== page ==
“All Done Wrong” – Easy Come Easy Go D2

This is probably the happiest bop you’ll ever hear about being a complete failure. The drums start with a fast, clean beat. Multiple palm-muted rhythm guitars and a mobile bass hold the space and the tempo throughout the song.

Lead guitar 1 slides into the intro with all its reverb-laden glory, laying out a simple, catchy melody (we’re really all here for this lead guitar, right?). During the verse, Lead 2 comes in with arpeggios on ascending chords. When the chorus hits, Lead 2 plays descending arpeggios while Lead 1 lays out hook after hook. The two Leads dance around each other like this for the rest of the song.

The vocals are smooth but almost vulnerable at times. The synths come in the first chorus, filling in sound with pensive chords. They are more insistent when they come back in on the second chorus. They come into their fullness in the outro (ok, maybe some of us are here for the synths). You may be contemplating all of your failures at this point in the song, but at least you have something sublime to listen to while you do it.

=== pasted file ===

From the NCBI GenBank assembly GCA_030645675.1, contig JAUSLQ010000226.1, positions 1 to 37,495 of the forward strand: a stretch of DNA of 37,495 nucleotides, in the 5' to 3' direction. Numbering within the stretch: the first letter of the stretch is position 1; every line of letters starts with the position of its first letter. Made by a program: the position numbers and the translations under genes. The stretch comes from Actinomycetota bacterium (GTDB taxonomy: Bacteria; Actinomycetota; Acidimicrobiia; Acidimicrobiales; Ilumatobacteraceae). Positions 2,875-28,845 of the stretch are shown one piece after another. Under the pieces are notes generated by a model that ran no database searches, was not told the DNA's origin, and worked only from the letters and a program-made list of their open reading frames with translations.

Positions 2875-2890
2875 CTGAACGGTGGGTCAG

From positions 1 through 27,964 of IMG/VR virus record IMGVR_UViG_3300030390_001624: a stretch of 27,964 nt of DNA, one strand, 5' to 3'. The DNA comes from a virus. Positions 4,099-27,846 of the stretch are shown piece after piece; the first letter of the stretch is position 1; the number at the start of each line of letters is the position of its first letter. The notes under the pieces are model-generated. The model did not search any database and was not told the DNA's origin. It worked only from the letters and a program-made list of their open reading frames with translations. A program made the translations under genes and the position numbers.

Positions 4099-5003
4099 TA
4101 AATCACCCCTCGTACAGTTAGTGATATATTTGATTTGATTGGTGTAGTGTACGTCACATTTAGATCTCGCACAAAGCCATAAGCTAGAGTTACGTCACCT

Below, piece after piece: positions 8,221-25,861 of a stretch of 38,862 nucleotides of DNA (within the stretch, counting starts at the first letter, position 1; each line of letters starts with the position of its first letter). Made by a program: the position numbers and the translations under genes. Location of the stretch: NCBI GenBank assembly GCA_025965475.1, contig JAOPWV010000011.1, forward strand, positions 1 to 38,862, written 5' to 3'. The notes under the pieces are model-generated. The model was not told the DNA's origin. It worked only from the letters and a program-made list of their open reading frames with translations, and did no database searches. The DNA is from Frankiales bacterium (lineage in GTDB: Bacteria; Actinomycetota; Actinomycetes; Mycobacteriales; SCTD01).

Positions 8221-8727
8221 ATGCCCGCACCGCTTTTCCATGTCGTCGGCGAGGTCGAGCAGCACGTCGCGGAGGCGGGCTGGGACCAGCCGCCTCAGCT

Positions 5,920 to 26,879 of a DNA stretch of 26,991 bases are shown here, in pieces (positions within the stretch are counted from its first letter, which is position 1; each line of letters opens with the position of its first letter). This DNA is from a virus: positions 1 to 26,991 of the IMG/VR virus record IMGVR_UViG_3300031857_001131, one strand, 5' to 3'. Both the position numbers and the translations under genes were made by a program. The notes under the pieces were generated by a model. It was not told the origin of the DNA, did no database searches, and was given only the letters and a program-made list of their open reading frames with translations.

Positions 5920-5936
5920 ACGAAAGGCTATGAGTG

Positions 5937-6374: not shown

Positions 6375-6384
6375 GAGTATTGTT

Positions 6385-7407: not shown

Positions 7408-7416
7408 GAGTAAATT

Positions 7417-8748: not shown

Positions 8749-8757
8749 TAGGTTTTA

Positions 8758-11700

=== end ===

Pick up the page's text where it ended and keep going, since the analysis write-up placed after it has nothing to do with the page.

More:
No tassels
We don’t like where you’re from
Your hair is all wrong
And the clothes that you have on

We’ve all had experiences where we didn’t measure up to what people expected of us. Some things you can change in an attempt to meet those expectations. Other things, like where you are from, you can never change. What do you do when you face such all-encompassing criticism?

Your friends say it’s all done wrong
The plans you make are never gonna shape
Your friends say it’s all done wrong
The plans you make are never gonna shape
Well it’s all done wrong

Maybe what you do is start evaluating the friends you’re hanging around. Really, who needs to be discouraged in this way? I find that the excessive criticisms you receive from people (the type that include words like “all” and “never”) usually reveal more about who they are than what the criticisms say about you. Maybe it’s time to think about that.

The big mistake
We don’t like what you’ve done
Because of one month long
Well it’s lost all of its fun

The mention of “one month long” makes me wonder if this a reference to the infamous, solo, month-long Gold recording sessions. To call Gold “all done wrong” is foolhardy indeed.

Unless we are talking about the Gold vinyl reissue, then . . .

It’s all done wrong

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